So, if somebody is convinced that the Principle of Sufficient Reason is necessarily true (true about the way we construct and understand propositions and the relations between propositions – thus a law of logic) then both Idealism and Naturalism may be undermined (I take it that Naturalism entails naturalized epistemology). Their option, it seems, is likely to be something relevantly similar to the Medieval Exemplarism which is maintained in the Augustinian tradition by philosophers such as by Bonaventure. According to this model thoughts exist independent of man entertaining them (if at some time the proposition “Montreal is a Canadian city” is not being reflected on or entertained by any living person, the proposition still actually exists as a thought, precisely because it remains in the mind of God who, being omniscient, ‘knows all true propositions’). Assuming that objections, like Grim’s Cantorian argument against omniscience, can be dissolved, this view seems attractive.

The Student’s question brought to my mind these options, and made it clearer to me recently that these seem to be the three fundamentally live options in analytic philosophy today. Perhaps there are some other options on Theism, but I doubt that there are any options other than Metaphysical Naturalism (meaning something like Physicalism) or Idealism on Atheism. Therefore, if ever I want to go on and do a thesis in Modal logic, or Epistemology, I will have to find good arguments to disqualify not only Naturalism, but also Idealism, and to promote something like Theistic Exemplarism.


About tylerjourneaux

I am an aspiring Catholic theologian and philosopher, and I have a keen interest in apologetics. I am creating this blog both in order to practice and improve my writing and memory retention as I publish my thoughts, and in order to give evidence of my ability to understand and communicate thoughts on topics pertinent to Theology, Philosophy, philosophical theology, Catholic (Christian) Apologetics, philosophy of religion and textual criticism.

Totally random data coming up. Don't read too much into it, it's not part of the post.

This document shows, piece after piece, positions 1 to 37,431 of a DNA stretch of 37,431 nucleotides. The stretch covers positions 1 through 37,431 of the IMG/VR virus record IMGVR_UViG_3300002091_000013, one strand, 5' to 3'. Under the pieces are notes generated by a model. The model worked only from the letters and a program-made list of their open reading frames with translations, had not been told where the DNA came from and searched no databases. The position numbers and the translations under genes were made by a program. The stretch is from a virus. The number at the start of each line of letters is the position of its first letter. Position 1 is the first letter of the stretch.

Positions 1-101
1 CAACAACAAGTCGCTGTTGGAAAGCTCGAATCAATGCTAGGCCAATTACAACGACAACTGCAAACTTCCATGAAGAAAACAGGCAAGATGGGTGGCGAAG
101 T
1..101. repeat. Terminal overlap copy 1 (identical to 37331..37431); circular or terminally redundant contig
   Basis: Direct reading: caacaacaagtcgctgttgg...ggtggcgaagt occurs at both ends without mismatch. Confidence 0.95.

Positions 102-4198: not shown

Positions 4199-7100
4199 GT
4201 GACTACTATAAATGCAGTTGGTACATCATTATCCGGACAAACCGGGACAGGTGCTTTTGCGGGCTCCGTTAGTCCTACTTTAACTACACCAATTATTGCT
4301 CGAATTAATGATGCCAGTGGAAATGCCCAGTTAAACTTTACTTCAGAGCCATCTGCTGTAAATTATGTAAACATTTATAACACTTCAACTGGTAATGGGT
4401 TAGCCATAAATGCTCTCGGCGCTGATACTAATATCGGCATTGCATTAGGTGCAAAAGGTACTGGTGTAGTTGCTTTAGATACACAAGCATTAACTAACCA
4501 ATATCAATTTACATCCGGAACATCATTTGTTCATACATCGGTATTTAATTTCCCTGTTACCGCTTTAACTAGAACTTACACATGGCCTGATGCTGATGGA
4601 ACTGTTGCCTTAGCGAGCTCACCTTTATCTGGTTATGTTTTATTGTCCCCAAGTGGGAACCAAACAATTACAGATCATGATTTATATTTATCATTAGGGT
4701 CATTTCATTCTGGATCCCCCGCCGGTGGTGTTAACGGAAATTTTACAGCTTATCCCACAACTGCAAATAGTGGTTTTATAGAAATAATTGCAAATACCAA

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2 Responses to Three live options with respect to ‘thoughts’

  1. Leo says:

    The fact that numbers are only abstract thoughts with particular properties doesnt mean that those properties exist outside of those thoughts let alone extend onto the outer universe. “…it is the case that we can speak about the universe following intelligible patterns prior to those patterns of intelligibility existing” seems confusing because “intelligible” requires an observer to have any sense, as it refers to the process in which an object becomes a thought (or mental rapresentation, or acquires a meaning).

  2. First of all, thank you for your comment. What I meant by saying that “we can speak about the universe following intelligible patterns prior to those patterns of intelligibility existing” was that, on a model-dependent realist view, the models we construct project the patterns of intelligibility which we induce by experience forwards and backwards in time. In other words, even a mind-dependent realist, like an idealist, can (or indeed is bound to) come up with a model of the past which reflects intelligibility – without which it wouldn’t be a model at all.